The next morning we drove up north to Yosemite. We went up to Tuolumne Meadows, and it was *awesome*. There had already been a snow in the season, so the grass was compacted, but then it had all mounted, so we were able to walk around the meadows easily. We walked here and there, and played with a bunch of the ice that was forming a thin skin on the water in the meadow. It was a *gorgeous* day out. I walked up to Soda Springs, which…I don’t think I had ever actually gone up to before. I sort of went quote-unquote cross-country over to the spring, which really wouldn’t be a normal problem, except that, well… all the outlet of the springs made it pretty marshy just where I was walking. But I eventually got up to the small building around the spring. It was in a small log open…shack thing. All the minerals in it made the whole area red, and it was…well, bubbly, as you might imagine. It tasted basically like soda water…namely, something I really don’t like at all! After hanging out, and taking more photos, and having Joe try to get some photos of Kim throwing ice into the water…we got back in the cars and went back the way we had came in. We did stop at another of the small lakes off the side of the road, before heading back out of the park.


over-there
Look, it’s Lembert Dome!

ice-runnels
Patterns in the ice shard

soda-springs
The Soda Springs bubbling away

me-nathan-closer
I lost that jacket a few months later

On the drive back down, we ducked into one of the side canyons, and did manage to find one lovely small grove of rustling, glowing, yellow aspens. It was a small little bit of woods, but walking underneath them with the light glowing through was fabulous. From there, we went through the June Lake Loop, which I hadn’t been able to do the prior winter, as most of it is unplowed and closed during the winter season. We we already too late for most of the color here, but there were a couple bright groves, that stood out even more brightly in the gray dim late afternoon sun. From there we went back to Mammoth, and just hung around in the evening, before heading out and having a nice dinner.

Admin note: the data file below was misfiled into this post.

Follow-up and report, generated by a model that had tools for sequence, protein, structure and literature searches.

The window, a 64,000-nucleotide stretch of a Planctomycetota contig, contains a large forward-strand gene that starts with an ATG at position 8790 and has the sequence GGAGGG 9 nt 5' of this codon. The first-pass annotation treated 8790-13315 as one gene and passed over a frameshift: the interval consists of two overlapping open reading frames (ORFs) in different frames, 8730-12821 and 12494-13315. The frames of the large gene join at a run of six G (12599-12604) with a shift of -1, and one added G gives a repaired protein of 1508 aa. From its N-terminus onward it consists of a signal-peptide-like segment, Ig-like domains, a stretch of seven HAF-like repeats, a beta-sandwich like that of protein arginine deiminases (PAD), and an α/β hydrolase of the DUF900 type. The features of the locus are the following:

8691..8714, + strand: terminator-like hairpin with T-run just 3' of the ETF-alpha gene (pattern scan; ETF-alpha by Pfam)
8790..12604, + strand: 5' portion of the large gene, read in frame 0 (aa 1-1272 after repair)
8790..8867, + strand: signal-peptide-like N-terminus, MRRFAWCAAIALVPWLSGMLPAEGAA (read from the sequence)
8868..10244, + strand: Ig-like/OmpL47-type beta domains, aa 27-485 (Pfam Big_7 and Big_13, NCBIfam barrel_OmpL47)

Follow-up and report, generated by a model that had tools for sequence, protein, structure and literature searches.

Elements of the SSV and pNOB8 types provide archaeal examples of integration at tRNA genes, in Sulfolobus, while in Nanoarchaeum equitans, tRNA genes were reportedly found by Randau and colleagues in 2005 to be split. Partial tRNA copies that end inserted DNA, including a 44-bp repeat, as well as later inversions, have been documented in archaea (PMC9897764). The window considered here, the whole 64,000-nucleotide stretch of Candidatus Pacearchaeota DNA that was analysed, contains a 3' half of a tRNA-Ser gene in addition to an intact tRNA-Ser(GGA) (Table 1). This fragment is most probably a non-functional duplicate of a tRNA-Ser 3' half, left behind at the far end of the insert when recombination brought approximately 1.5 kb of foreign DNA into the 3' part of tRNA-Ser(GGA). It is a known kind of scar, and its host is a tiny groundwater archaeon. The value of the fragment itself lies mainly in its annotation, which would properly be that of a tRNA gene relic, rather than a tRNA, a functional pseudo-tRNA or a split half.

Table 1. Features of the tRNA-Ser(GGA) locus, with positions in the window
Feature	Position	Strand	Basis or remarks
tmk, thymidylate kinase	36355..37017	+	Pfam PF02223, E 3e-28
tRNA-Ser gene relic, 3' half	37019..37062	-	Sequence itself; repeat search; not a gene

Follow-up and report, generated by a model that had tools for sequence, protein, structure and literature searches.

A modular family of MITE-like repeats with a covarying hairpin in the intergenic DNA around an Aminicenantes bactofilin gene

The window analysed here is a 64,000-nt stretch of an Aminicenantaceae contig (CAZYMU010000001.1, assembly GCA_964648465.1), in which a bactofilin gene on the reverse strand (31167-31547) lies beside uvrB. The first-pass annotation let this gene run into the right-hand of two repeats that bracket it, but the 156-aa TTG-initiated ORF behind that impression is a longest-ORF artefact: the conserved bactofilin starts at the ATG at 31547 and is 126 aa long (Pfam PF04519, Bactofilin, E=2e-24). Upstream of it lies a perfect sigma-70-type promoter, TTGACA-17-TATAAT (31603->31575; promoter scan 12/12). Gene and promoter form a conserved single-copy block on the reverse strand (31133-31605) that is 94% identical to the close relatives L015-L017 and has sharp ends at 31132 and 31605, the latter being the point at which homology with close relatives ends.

dusty-yellows
Some dusty yellows off the road

The next morning we all drove down into Devils Postpile together. The sites in the area were formally closed for the season, but as the weather was fine, it was still open to generally explore. We first walked over to the postpile itself, on the easy trail I had just visited in September. I was pretty amused at the signs they had put up , prepping for the winter season, informing skiers and snowboarders what they should do if they accidentally ended up down there. After going up and over the postpile, we headed back to the first parking lot, but stopped for a bit to play around and take some photos in the meadow, and on the bridge over the creek. Then back at the parking lot, we also stopped to take a lot at the small ripple falls in the creek as it goes past the closed campground. From there, we continued down the road to get to the Rainbow Falls trailhead.


deep-breath
An excellent warning sign. Take a deep breath!

mossy-columns
Moss growing on the postpile basalt

huge-mess
And all the broken pieces at the base!

Walking over to these falls, we started by walking through woods, but soon the trail comes to a big open area that clearly had been burned. Looking it up, it I find references to the 1992 Rainbow Fire….18 years later, there still is not much tree regrowth, and all the dead trees still standing tall are very stark on the landscape. Eventually we made it over to the area by the falls, which has some slightly built up colors. It had been a pretty warm walk over, so feeling the breeze coming off the falls was nice. Here too I managed to find one or two trees showing some evidence of it being fall. We then reversed the walk, and got back to the car. From there, we had nothing to do but go home.


bridge-span
Bridge over first meadow

fire-remains
Burnt zone

point-of-color
Spot of color

viewing
Staring at the falls (they were in shadow; hard to shoot)